Latvia is one of the three Baltic States (together with Estonia
to the north, and Lithuania
to the south) that used to be part of the Soviet Union
until gaining independence after the latter's collapse in the early 1990s.
The modern history of this small country has plenty of dark chapters, not only relating to communist
rule during the Cold War
era. Before that, the country was kicked about badly in WWII
, first being swallowed up by the USSR
(in accordance with the Hitler-Stalin- or Molotov-Ribbentrop-Pact
) and then being occupied by Nazi Germany
from 1940 until almost the end of the war. During that time, the Holocaust
more or less wiped out the Jewish population (and the collaboration of Latvians was an element facilitating this!), esp. through mass executions by the SS Einsatzgruppen
Several memorials have been set up to commemorate that particular dark chapter in Latvian history, especially in and around Riga
The city also has an acclaimed modern specialist museum on the more recent past, namely the time of (Nazi and) Soviet occupation and the struggle for independence as well as a plethora of other specialist museums on the same or related topics. Some Soviet relics can be found too, and the city also boasts one of the most remarkable medical museums that I know of. It is in general one of the most rewarding capital cities to visit in northern and eastern Europe, in my opinion.
The main reason that Latvia is prominently associated with dark tourism, however, is for a somewhat controversial venture elsewhere – the Karosta prison
in the former naval base town of the same name just north of the coastal south-western Latvian city of Liepaja
. The "museum's" speciality are particapatory "show" programmes in which actors subject visitors to simulated "behind bars" (mis-) treatment to provide an "experience" of what it would have been like being an inmate in a KGB
(Museum of Occupations
, war museum
, People's Front Museum
, Museum of the Barricades
, Tornakalns deportation memorial
, Soviet Victory Monument
, KGB building
, Pokrov cemetery
, aviation museum
, Paul Stradins Museum of the History of Medicine
, Jews in Latvia documentation centre
, Riga Ghetto Museum
, Janis Lipke memorial museum
, Forest and Brothers cemetery
, Kaiserwald memorial
Travel to Latvia is fairly easy, especially by plane, as Riga's airport has many excellent connections to other European cities. Train connections are also quite good, and there are even a couple of ferry connections to Sweden
. Plenty of international and national bus connections complete the range. Buses are indeed the most common mode of transport within the Baltics. Driving all the way to Latvia oneself is a less likely choice for most travellers other than those from neighbouring countries, but it is possible. Alternatively hire a car on the ground for exploring the Baltics independently by road. There are very favourable rates to be found in Latvia!
This is precisely what I did when I travelled to the Baltics in April/May 2014: I flew into Riga and hired a car from the airport from a local company (cheaper and easier than from the big international ones), spent 12 days on the road in Latvia and Lithuania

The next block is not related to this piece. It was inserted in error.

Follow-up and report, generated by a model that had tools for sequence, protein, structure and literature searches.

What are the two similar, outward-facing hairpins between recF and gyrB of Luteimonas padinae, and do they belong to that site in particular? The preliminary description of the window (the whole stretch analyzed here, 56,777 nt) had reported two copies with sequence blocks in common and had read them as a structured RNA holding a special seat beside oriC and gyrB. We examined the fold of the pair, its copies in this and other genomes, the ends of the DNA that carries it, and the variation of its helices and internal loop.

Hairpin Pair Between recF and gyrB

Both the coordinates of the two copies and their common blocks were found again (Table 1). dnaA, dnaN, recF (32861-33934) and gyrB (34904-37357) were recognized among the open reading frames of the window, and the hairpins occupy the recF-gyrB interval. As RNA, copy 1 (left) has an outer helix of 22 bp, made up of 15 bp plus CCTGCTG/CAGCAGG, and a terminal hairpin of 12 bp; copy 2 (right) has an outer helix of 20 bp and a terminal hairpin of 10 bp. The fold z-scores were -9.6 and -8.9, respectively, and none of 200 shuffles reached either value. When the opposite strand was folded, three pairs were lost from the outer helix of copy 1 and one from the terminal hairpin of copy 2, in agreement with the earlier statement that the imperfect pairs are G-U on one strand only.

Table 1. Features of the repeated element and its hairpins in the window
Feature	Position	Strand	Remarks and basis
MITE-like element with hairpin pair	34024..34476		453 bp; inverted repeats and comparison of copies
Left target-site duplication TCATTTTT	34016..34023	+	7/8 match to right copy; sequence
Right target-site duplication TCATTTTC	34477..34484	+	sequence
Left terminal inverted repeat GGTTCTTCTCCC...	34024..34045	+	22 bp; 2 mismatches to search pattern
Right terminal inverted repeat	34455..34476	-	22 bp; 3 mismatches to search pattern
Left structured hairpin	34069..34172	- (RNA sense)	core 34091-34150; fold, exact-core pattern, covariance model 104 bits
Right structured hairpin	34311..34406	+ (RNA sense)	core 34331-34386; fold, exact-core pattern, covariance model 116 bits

, including visits to places that would have been difficult to reach any other way, such as Irbene
) and then returned the car to Riga airport before tagging on a week in the city of Riga and then five days in Tallinn
(where I travelled by bus).
Be warned though: driving in Latvia can be a stressful experience. Latvia has the highest accident statistics in the EU – and the main reason is the reckless driving habits of the locals. They just love overtaking at any time, no matter whether visibility allows for it or not. I didn't find it too difficult to adapt to – the main rule is: drive extremely defensively! – because my experiences of driving in eastern Turkey
came in useful (and I am naturally a rather defensive driver anyway).
Money matters have been made easier since Latvia joined the eurozone in January 2014, so no complicated conversions into lats (the previous national currency) are necessary any longer. But I did find quite a few prices still simply converted from the old lats, resulting in rather unusual figures (say, 10.76 or such warped numbers).
Prices for accommodation can be quite low by European standards, especially outside the capital, where some amazing bargains can be found (including in Liepaja
Food & drink
can be less affordable, depending on what you're after. Staying with local produce and specialities saves money – and can be interesting. Latvian traditional food does, however, tend towards the stodgy! If you are calorie-conscious, be warned.
Language-wise, Latvia is somewhat less multilingual compared to Estonia
(where practically everybody speaks English well), but you can get by more or less. Knowing some Russian may help more in some places than English or German. That's because Latvia still has a sizeable Russian
-speaking minority, almost a fifth of the population, left from Soviet days.
Another difference to Estonia
is that Latvians are often more open towards their Soviet
legacy, which shows in the number and nature of dark attractions linked to this period. So a dark tourist interested in the communist
Soviet past of the country needn't be quite so cagey about it here. In some cases, the legacy is openly promoted, especially at the Soviet bunker in Ligatne
or at Karosta prison